The second misunderstanding that needs to be cleared up is the difference between Guardianship, Custody and Shared Parenting. In Ireland, all married parents are automatically guardians of their children which means that whether living together, separated or divorced, each parent has decision making capacity where their children are concerned in the larger areas of the children’s upbringing. These areas include education, welfare (physical and mental) religion and such like. This means that parents have to consult one another about where the children go to school, the subjects they take in school, whether or not they receive religious education or practise a religion, health issues and so forth. If a parent is not consulted or if the parents can not agree, then they have a right of action to court. You will note that I have emphasised that these rights accrue to parents who are or were married to one another. The law in relation to single people who are parents is different. Unmarried Mums are automatically guardians of their children whereas unmarried Dads are not. Unmarried fathers do not become Guardians of their children as a result of their name being on the birth certificate. There are many different schools of thought on the merits of unmarried Dads having the same rights as married Dads and it is for another article. Custody (a rather archaic and not very enlightened term) refers to where or with whom the children are primarily resident and who makes the day to day decisions for them. The general legal definition in the USA of joint or shared custody is that both parents have legal rights and responsibilities for the major decisions that concern children. However, in Ireland, as I have already explained, married parents already have those rights so there is much misunderstanding here about what joint custody actually means in Irish law. The truth is that joint custody does not have a great deal of meaning in Irish law. If you look at the wording in settlements and separation agreements you will see that the phrase,” joint custody with primary residence to the ‘x’ “ is the way it is generally set out. Joint custody is an acknowledgement that parents are jointly responsible for their children and are joint carers and providers for them. It does not mean equality of time or equality of day to day decision making. Much confusion results from these terms.
What then is “shared parenting”? The term was enshrined in legislation in Australia under the Howard government. It has proved controversial and much research is currently being undertaken as to the effectiveness of this legislation. Prior to the passing of this legislation in 2006, a committee was appointed to investigate this issue. It recommended a clear presumption of equal shared parental responsibility except where there is conflict and abuse. It stopped short of recommending shared custody, that is, the child spending equal time living with each parent. As you can see the Committee’s understanding of shared parenting was a mixture of our Guardianship and joint custody but it did not mean a 50/50 split of time with the children. The committee fell short of what Prime Minister Howard had promised which was a 50/50 split in time. The Family Law Amendment (Shared Parental Responsibility) Act 2006 is expressed in terms of equal shared parental responsibility rather than equal time sharing. However, the court is asked to consider the children spending equal time with each parent. There is an implicit assumption here that there is a direct correlation between the time a child spends with a parent and the quality of that relationship. Courts have tended to look at parenting in a mathematical way. The effect in Australia is that many parents feel pressurised, because of a perception of what the court is likely to do, to enter into joint parenting plans which they themselves are not able to implement and do not think will work.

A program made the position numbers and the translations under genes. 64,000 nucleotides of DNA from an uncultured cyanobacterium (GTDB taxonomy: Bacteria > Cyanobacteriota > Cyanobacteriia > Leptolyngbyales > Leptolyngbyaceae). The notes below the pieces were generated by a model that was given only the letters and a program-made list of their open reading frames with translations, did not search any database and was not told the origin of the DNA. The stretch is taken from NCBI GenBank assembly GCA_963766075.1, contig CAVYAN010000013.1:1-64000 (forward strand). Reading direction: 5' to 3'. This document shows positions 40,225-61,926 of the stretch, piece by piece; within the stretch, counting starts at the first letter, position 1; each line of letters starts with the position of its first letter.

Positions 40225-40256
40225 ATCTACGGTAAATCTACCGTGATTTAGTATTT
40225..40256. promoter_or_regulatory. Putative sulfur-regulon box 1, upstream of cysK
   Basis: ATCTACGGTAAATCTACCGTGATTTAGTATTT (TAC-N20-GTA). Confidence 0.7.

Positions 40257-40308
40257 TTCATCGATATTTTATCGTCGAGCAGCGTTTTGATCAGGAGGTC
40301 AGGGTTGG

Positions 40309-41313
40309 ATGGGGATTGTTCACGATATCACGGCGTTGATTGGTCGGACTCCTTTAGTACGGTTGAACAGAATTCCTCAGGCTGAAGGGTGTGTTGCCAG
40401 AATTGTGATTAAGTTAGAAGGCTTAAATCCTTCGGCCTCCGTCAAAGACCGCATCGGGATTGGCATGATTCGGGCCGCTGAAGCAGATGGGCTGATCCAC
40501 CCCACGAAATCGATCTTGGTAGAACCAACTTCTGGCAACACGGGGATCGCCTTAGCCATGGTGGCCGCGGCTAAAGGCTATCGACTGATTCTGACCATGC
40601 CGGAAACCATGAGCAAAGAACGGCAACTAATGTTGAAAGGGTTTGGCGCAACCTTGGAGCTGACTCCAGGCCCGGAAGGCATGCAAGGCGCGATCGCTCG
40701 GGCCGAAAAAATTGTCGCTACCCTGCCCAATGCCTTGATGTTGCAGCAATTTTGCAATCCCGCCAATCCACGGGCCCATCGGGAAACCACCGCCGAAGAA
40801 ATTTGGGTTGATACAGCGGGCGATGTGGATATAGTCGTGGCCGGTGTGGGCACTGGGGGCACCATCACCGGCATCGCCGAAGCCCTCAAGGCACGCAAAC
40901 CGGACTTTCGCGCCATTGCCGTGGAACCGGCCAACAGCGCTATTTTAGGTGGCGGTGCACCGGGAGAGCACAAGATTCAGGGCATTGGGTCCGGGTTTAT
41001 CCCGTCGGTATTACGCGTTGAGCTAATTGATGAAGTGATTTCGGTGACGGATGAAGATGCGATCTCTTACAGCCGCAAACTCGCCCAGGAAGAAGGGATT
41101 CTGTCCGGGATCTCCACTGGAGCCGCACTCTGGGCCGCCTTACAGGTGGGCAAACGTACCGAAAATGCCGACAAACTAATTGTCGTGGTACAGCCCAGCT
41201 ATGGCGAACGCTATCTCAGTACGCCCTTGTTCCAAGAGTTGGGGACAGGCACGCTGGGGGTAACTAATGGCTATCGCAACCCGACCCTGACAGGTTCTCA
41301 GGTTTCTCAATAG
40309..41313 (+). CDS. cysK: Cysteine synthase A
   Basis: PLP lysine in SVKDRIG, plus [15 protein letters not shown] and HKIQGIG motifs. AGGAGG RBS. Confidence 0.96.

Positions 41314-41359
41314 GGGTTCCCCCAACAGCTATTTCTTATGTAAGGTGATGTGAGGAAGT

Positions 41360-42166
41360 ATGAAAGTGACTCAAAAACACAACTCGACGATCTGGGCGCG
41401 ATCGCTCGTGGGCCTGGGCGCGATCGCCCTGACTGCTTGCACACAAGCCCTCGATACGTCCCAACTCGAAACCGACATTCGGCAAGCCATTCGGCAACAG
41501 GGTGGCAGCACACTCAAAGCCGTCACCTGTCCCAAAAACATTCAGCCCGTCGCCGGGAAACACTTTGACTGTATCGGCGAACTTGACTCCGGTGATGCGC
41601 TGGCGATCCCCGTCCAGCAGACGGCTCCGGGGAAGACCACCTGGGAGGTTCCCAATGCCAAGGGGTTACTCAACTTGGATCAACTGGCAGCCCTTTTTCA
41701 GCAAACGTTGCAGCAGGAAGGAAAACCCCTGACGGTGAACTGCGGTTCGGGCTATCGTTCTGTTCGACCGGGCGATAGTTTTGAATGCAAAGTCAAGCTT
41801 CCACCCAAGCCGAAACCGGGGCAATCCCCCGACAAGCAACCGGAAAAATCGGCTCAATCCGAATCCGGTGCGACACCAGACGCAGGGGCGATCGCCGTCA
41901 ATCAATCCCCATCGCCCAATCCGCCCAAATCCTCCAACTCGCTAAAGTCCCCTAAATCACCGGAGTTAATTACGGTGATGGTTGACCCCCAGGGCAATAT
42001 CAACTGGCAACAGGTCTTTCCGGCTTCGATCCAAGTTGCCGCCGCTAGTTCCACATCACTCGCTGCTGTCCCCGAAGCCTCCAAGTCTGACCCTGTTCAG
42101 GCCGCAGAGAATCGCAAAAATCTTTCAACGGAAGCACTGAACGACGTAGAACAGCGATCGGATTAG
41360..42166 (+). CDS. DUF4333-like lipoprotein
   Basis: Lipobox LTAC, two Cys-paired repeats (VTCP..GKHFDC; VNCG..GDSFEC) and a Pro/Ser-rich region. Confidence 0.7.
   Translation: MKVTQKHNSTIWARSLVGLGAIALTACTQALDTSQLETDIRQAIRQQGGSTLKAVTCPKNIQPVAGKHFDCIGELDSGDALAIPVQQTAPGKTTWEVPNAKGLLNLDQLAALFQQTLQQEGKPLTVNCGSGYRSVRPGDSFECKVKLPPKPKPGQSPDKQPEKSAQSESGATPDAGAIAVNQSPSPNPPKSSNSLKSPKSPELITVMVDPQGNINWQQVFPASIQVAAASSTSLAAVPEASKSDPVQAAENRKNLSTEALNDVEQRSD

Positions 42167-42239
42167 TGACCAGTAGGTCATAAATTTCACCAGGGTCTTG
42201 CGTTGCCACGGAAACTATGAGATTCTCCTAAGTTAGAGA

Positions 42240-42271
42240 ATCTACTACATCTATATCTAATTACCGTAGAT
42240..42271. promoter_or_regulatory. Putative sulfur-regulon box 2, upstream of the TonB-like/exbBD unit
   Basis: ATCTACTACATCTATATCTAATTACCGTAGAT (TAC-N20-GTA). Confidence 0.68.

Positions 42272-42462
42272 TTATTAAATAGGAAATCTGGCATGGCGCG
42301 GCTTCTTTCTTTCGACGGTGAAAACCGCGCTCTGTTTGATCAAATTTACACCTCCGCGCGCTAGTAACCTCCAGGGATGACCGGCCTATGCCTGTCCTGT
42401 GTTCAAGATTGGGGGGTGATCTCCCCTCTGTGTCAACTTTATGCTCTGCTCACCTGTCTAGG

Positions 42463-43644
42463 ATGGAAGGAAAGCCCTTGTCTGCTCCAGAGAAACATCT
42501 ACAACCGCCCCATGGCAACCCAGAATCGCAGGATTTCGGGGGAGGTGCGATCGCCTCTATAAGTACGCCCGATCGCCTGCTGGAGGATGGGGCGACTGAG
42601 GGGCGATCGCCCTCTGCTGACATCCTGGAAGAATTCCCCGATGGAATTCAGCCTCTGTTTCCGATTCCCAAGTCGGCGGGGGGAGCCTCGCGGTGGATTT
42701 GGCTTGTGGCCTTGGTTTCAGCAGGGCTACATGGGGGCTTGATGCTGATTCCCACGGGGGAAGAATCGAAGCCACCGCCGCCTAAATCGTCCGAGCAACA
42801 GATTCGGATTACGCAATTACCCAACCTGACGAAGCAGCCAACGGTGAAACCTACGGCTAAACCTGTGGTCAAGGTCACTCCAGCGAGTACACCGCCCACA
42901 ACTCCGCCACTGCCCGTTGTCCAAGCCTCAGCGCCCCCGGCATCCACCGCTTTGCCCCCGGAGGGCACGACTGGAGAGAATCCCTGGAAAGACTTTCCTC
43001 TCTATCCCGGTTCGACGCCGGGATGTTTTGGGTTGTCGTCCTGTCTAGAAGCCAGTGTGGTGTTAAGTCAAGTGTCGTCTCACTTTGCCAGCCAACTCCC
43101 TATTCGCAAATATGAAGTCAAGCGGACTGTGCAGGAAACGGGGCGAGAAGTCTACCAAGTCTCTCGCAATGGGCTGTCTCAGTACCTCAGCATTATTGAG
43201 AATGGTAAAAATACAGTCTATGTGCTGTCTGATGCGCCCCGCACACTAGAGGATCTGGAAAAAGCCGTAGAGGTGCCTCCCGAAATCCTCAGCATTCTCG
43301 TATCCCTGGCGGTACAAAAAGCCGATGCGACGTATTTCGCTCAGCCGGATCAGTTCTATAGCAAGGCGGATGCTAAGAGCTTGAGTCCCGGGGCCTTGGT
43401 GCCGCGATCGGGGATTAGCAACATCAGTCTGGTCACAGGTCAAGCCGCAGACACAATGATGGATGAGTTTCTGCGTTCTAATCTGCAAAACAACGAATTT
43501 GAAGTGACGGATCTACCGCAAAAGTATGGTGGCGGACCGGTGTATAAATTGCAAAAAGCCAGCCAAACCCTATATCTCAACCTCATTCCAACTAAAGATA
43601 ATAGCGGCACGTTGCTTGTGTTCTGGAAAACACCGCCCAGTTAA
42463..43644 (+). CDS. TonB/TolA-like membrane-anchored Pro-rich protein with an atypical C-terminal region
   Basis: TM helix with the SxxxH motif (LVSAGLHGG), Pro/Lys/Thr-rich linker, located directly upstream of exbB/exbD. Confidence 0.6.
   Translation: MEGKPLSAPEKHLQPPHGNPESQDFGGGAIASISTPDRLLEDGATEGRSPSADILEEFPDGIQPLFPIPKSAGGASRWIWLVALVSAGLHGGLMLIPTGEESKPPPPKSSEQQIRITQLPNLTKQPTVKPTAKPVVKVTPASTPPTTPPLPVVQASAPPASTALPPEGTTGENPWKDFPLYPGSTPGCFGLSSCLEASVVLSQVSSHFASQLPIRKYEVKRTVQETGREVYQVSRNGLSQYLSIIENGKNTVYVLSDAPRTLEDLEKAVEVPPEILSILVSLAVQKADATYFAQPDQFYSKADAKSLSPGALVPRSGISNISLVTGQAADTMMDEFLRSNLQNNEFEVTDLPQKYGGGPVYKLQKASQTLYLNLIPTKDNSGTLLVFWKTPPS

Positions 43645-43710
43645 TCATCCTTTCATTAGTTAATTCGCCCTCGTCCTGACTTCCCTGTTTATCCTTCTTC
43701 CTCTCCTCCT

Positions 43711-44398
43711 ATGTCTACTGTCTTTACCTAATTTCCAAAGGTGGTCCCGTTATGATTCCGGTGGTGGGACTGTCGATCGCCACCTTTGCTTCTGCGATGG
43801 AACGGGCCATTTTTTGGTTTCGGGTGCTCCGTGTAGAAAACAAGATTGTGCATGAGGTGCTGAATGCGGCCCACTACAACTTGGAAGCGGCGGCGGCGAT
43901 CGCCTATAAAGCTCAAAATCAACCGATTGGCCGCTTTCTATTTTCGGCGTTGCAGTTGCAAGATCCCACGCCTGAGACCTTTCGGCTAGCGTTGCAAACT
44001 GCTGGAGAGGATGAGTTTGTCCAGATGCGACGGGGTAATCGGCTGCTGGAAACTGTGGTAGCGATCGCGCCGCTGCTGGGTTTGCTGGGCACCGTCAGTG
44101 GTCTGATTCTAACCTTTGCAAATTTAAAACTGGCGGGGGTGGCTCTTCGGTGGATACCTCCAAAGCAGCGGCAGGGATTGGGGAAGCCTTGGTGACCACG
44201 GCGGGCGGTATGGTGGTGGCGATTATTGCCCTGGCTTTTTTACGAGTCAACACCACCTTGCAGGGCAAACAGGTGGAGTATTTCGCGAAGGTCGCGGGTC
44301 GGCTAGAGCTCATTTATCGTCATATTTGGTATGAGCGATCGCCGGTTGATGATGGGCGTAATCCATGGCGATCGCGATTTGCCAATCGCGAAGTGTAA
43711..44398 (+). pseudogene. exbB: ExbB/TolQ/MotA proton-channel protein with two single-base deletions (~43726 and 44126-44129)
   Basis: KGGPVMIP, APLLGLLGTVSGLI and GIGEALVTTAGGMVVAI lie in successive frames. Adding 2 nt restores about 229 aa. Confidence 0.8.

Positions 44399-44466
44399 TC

There is no doubt that if Dads are relegated to visitor status this gives rise to problems. Children need to have a good meaningful relationship with both parents. I have written numerous articles emphasising the importance that each parent has for a child and how children’s identity and security is tied up with their relationships with both parents. Bearing that in mind, I do not, however, think that it follows directly from there that children are better off if they share equal time with each parent. Is equal time a goal worth pursuing in and of itself or is the health and wellbeing of the children the first and primary goal? When it comes to actually counting up who gets the most time and making a big deal about a few extra days either way then I believe that parent’s values are skewed.
There is no doubt that in some cases, equal time may work and work well. I have come across a few such cases but generally the children are a little older and can travel under their own steam back and forth . Some of the research coming from Australia would indicate that the age of the children is a very important determining factor in how time is divided. The suggestion is that younger children particularly those under 4 years, need to spend solid time with a primary parent rather than be moving back and forth between parents. Children over 10, on the other hand, may be able to sustain longer periods away from a primary parent. Sometimes we tend to look at the children in a particular family as a block whereas in fact, their developmental ages may indicate that it would be more appropriate to consider them separately as well as together. I am not advocating that children should be split up for access all the time but I am suggesting that it might be appropriate some of the time. Older children might benefit from a more adult encounter with the other parent and one on one rather than being lumped in constantly with much younger children. Other factors affect equal parenting time such as geographical proximity, ongoing conflict, ability to cooperate, financial comfort, family friendly work places and shared confidence in each other’s ability to parent.